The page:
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painting The Message


70 x 70 cm

Article code: P002



painting The Message




Why does a religion choose an instrument of torture as a logo? 
Of course I'm talking about Christianity. A logo or a sign tells something about the identity of a company or an institute. Anyway, that's mostly the purpose.

The cross symbol is omnipresent in our part of the world and it's familiar.
Actually you hardly think about it, neither about the Coca-Cola or Volkswagen brand. 
It's just there.
It took a considerable statue of Christ on the Cross on a little square in Belgian Vielsalm to make me reflect on it for the first time. What does the cross tell us, with or without Christ on it? What does it communicate?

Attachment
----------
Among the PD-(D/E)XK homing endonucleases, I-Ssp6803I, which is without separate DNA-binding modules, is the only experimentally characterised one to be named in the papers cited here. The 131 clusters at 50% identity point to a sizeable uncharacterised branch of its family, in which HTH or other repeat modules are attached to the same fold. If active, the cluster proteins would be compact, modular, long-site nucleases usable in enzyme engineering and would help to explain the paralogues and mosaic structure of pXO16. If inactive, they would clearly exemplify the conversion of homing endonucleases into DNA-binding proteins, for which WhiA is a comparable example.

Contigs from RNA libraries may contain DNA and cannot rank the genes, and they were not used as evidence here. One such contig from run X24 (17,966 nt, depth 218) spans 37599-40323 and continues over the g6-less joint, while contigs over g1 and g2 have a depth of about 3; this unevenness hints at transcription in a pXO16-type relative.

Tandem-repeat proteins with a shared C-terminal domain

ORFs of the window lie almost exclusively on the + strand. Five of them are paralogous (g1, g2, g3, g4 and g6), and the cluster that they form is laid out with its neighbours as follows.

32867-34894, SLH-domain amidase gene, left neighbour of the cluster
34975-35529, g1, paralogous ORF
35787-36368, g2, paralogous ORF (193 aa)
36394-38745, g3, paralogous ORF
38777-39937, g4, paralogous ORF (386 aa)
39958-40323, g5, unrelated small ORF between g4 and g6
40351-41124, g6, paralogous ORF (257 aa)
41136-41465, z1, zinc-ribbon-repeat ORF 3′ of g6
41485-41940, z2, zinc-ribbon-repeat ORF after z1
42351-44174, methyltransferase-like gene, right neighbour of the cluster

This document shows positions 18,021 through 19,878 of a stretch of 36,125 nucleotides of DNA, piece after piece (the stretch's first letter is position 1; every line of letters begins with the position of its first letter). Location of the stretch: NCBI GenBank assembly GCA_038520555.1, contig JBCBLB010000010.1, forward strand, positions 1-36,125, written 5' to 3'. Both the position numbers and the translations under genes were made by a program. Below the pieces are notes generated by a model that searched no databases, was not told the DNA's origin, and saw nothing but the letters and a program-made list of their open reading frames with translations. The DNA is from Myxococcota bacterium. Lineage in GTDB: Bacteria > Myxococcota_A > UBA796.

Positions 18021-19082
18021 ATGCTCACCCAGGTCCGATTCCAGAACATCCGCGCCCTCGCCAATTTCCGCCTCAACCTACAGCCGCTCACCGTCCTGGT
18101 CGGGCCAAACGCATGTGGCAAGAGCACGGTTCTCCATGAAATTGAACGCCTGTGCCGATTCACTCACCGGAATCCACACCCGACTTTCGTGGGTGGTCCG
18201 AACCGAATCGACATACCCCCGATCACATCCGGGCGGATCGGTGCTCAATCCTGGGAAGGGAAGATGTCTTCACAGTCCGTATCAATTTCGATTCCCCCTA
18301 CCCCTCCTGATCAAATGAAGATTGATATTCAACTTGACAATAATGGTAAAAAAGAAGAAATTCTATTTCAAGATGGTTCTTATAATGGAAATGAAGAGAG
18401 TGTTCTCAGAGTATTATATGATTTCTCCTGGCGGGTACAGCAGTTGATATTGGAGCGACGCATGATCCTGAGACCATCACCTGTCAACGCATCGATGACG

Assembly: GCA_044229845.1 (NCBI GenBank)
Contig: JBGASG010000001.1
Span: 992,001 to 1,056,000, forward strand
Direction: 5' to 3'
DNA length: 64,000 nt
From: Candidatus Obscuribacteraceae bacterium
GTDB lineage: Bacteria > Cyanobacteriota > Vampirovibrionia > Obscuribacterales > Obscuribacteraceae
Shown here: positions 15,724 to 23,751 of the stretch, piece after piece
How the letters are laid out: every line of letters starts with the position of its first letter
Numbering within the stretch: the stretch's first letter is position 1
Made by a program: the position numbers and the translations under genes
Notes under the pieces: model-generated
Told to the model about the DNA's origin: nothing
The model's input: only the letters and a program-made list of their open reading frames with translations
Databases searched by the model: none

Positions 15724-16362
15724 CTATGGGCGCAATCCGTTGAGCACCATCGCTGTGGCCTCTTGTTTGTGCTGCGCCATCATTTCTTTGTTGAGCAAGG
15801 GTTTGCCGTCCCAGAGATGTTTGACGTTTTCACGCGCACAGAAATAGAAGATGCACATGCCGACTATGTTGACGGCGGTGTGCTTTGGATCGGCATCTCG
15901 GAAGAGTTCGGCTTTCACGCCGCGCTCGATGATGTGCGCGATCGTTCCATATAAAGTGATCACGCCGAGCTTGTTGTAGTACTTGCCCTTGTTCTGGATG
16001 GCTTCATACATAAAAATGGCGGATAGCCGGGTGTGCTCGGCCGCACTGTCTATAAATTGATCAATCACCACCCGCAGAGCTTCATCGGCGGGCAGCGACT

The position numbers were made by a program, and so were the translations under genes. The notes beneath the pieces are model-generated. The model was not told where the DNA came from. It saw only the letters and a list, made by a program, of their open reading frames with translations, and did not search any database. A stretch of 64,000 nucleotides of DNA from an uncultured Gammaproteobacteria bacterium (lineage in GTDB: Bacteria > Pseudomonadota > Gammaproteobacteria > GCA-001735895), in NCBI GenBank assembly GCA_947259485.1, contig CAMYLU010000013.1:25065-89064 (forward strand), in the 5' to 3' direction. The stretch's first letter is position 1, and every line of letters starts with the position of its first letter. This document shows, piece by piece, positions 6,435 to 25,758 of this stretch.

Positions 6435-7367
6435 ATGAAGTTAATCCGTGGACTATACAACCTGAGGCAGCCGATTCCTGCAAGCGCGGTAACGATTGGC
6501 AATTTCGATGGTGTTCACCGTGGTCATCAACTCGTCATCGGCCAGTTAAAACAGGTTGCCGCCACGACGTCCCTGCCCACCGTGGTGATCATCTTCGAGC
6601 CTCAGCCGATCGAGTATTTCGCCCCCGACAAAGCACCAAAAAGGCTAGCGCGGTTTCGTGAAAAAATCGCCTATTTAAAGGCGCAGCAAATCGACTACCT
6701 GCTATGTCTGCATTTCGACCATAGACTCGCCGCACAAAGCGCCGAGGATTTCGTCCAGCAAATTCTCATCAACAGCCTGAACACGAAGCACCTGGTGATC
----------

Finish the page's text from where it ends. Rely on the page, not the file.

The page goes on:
When I think about a person who is tortured to death on a cross, these concepts come to mind: pain, suffering, transitoriness, hatred, cruelty. Of course I know the sequel from the Bible: Christ raised from the dead and according to the theory, took the human sins with him. 

The cross to me is a sign of, literally, martyrdom. Look at the suffering of our hero. But above all it's a symbol off earthly cruelty.

Is a torture cross really the best way to symbolise Jesus' teachings? In my opinion the core elements of those teachings are: charity, forgiveness and afterlife. That's why I painted a kind version of the cross that does justice to his primary message.

Jesus in my version is a happy kid that opens wide the windows to afterlife. "Look! Behind me is heaven." He sends a peace dove into the world as a symbol of his message. The rainbow colours refer to the bond between God and man. And concerning our sins: we have to work hard on them ourselves, we won't get heaven for free!

Painting The Message, 70 x 70 x 4 cm, acrylic paint on linen. 




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